In Part 2 I discussed how to estimate living expenses in retirement, and gave a few examples of how this affects the retirement savings calculations. In this post I'll discuss how to estimate your Social Security retirement benefit, since this can have a significant impact on how much you need to save for retirement.

In Part 2 I discussed how to estimate living expenses in retirement, and gave a few examples of how this affects the retirement savings calculations. In this post I'll discuss how to estimate your Social Security retirement benefit, since this can have a significant impact on how much you need to save for retirement.

## Tuesday, October 4, 2016

### Calculating Required Retirement Savings Rates: Part 2

In Part 1 of this series I outlined how to estimate the savings rate required to ensure a financially secure retirement. The required savings rate estimate depends a lot on various projections and assumptions that I outlined in Part 1. In this post I'll discuss how to estimate your expenses in retirement. In subsequent posts in the series I'll discuss how to estimate your Social Security retirement benefits, how to estimate the expected rate of return on your investments, and how much you should expect to be able to safely withdraw from your retirement savings each year.

## Saturday, October 1, 2016

### Calculating Required Retirement Savings Rates: Part 1

In one of my early blog posts, written in December 2009 for recent college graduates , I wrote, "You must manage your spending so that you can save a significant portion of your income -- at least 10%, and more if possible." How do we determine if 10% is enough, or could it even be more than you really need to save? Although there are too many unknowns to answer this precisely, we can make various assumptions to calculate a range of savings rates that are likely to enable you to enjoy a financially secure retirement.

In this post I'll show how we can calculate that a savings rate of about 14% of gross (before-tax) income is required, given the following facts and assumptions:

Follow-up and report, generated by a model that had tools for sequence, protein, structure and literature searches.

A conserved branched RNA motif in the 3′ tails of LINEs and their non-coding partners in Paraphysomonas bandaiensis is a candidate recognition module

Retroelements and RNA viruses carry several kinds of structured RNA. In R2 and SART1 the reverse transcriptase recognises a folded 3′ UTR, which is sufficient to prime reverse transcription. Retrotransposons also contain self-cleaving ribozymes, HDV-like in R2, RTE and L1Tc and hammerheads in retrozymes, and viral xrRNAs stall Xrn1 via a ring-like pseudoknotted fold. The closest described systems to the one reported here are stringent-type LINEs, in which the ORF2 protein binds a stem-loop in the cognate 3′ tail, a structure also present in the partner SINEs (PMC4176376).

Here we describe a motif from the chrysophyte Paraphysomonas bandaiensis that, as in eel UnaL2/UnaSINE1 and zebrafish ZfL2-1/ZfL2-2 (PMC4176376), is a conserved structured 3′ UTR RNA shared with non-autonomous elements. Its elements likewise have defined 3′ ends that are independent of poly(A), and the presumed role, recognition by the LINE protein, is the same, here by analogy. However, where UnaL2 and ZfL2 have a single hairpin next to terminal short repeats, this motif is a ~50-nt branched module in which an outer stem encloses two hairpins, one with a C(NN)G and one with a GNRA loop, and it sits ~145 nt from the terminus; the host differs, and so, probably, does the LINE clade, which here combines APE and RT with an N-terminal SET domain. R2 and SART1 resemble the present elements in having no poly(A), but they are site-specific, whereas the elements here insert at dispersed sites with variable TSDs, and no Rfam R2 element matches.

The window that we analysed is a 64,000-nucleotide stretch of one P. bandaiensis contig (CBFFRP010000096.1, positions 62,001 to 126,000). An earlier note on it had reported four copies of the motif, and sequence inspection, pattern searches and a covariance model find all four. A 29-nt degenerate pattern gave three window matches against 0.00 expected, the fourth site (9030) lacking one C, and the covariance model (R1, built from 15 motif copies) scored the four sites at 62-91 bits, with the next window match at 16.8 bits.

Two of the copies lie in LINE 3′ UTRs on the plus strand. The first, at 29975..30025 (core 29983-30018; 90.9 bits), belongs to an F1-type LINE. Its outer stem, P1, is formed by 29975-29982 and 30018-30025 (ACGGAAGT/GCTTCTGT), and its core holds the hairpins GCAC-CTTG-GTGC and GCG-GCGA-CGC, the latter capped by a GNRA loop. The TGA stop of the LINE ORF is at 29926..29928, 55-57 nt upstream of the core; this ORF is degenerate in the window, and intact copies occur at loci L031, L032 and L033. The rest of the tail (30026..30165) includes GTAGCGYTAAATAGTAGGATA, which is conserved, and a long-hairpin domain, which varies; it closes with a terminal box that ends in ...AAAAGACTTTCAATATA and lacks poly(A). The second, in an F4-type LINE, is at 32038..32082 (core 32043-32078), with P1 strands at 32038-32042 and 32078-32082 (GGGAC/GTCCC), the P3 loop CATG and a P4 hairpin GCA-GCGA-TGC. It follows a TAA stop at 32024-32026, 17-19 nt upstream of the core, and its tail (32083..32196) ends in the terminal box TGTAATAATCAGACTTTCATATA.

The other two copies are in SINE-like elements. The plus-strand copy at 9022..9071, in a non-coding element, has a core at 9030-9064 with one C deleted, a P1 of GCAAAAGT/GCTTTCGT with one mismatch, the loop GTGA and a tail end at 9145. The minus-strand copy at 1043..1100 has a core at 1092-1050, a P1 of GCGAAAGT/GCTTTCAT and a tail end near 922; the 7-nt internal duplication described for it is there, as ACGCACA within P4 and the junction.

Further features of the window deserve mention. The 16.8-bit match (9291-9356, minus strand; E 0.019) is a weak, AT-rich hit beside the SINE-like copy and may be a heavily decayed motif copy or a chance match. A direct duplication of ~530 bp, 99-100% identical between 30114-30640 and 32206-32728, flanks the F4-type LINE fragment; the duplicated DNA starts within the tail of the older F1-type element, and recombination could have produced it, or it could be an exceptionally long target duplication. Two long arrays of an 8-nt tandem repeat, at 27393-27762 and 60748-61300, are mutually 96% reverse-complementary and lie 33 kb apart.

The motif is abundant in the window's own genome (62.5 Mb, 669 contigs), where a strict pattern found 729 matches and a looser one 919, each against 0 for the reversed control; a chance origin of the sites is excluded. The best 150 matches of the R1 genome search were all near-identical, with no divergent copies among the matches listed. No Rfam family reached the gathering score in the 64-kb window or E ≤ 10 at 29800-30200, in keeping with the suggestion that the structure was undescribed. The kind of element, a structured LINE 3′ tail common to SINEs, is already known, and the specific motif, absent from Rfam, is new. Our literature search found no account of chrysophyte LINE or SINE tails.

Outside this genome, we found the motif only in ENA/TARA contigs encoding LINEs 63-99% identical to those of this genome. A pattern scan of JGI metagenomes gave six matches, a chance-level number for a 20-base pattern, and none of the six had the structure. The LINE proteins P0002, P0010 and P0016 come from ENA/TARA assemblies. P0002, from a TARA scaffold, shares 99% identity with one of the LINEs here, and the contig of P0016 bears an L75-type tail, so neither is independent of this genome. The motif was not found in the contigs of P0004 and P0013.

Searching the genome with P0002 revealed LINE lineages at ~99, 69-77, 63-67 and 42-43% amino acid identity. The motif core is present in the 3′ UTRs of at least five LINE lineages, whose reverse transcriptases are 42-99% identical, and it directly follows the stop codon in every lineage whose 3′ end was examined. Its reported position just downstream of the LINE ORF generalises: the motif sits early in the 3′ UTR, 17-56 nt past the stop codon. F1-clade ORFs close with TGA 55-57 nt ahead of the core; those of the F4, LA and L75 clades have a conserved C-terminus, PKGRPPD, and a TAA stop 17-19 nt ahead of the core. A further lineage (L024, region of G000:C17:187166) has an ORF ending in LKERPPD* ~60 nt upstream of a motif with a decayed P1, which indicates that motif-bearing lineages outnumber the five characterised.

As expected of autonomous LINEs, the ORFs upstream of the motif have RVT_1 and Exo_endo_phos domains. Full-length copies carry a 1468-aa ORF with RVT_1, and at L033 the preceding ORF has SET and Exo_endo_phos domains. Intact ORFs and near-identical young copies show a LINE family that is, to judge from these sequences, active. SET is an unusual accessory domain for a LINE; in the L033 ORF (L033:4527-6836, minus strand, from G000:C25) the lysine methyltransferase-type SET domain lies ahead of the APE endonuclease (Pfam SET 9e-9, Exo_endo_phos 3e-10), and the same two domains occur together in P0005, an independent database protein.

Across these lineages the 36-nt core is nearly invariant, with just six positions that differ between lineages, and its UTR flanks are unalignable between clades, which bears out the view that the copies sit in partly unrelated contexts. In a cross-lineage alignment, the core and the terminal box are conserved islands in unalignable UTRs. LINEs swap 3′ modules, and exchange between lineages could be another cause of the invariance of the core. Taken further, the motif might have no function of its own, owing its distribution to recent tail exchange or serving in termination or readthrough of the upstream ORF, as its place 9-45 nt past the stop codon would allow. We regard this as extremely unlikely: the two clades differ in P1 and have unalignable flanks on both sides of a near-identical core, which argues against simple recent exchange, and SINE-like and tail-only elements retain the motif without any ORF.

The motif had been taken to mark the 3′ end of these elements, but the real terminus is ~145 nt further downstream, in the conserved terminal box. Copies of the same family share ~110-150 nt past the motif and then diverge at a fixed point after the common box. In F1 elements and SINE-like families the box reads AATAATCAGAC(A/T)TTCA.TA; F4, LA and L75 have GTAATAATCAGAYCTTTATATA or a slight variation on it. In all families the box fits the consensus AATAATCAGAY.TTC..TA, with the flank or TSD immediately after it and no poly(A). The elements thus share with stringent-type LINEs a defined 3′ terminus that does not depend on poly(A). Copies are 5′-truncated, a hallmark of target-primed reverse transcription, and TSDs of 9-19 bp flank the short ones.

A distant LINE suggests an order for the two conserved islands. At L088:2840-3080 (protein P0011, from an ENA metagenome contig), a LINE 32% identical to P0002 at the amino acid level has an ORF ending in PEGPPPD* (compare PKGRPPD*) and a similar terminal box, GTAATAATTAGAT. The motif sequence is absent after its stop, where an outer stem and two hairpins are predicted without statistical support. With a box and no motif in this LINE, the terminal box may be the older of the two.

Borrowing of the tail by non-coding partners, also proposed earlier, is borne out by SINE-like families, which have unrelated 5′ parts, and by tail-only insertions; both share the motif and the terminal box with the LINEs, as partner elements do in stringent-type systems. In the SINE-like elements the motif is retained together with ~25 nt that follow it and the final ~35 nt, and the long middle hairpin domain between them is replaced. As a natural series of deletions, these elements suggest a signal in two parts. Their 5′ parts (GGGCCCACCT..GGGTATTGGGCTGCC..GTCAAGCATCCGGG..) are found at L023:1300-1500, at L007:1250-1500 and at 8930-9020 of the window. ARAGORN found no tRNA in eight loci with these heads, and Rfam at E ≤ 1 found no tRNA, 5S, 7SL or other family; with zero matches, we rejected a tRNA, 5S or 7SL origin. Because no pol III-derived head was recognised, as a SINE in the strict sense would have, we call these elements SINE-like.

In this post I'll show how we can calculate that a savings rate of about 14% of gross (before-tax) income is required, given the following facts and assumptions:

- Current savings: $0.
- Current age: 25.
- Retirement age: 65.
- A steady income with annual raises equal to the annual inflation rate.
- A 4% annualized real rate of return on your investments.
- Annual living expenses in retirement will be 80% of your current salary (adjusted for inflation).
- Social Security benefits will cover 35% of your living expenses.
- The remainder of your retirement living expenses will be covered by annual, inflation-adjusted withdrawals of 4% of your retirement savings.

## Wednesday, July 13, 2016

### CD Rates Falling, But Yield Premiums Still Attractive

Rates on several 5-year CDs I've been monitoring have fallen in recent weeks, but good CD (Certificate of Deposit) deals still are available, and the yield premiums of good CDs over Treasuries of the same maturities still are attractive. Ally Bank recently dropped its 5-year CD rate from 2.00% to 1.75% APY (1.70% if less than $25,000), and more recently Barclays Bank dropped its 5-year CD rate from 2.05% to 1.75%. The rate on the Synchrony Bank 5-year CD still is relatively attractive at 2.05% (2.00% if less than $25,000), but Synchrony recently increased the early withdrawal penalty (EWP) on its 5-year CDs from 180 days of interest to 365 days of interest, so even this CD is somewhat less attractive than it was before this change.

## Saturday, June 25, 2016

### Brexit and Stock Market Volatility

You probably heard the news about the Brexit vote results on Friday, June 24, in which a majority of United Kingdom voters voted to leave the European Union (EU). If you caught any financial news, you heard that global stock markets dropped a lot in response. I'll discuss the stock market reaction in more detail below, but the most important message for long-term investors is to not worry about daily stock market volatility. As I've discussed before, worrying about daily financial and economic news can be detrimental to your emotional health, and if you

**act**on scary-sounding news or daily stock market volatility based on emotions, it also can be detrimental to your wealth.
Subscribe to:
Posts (Atom)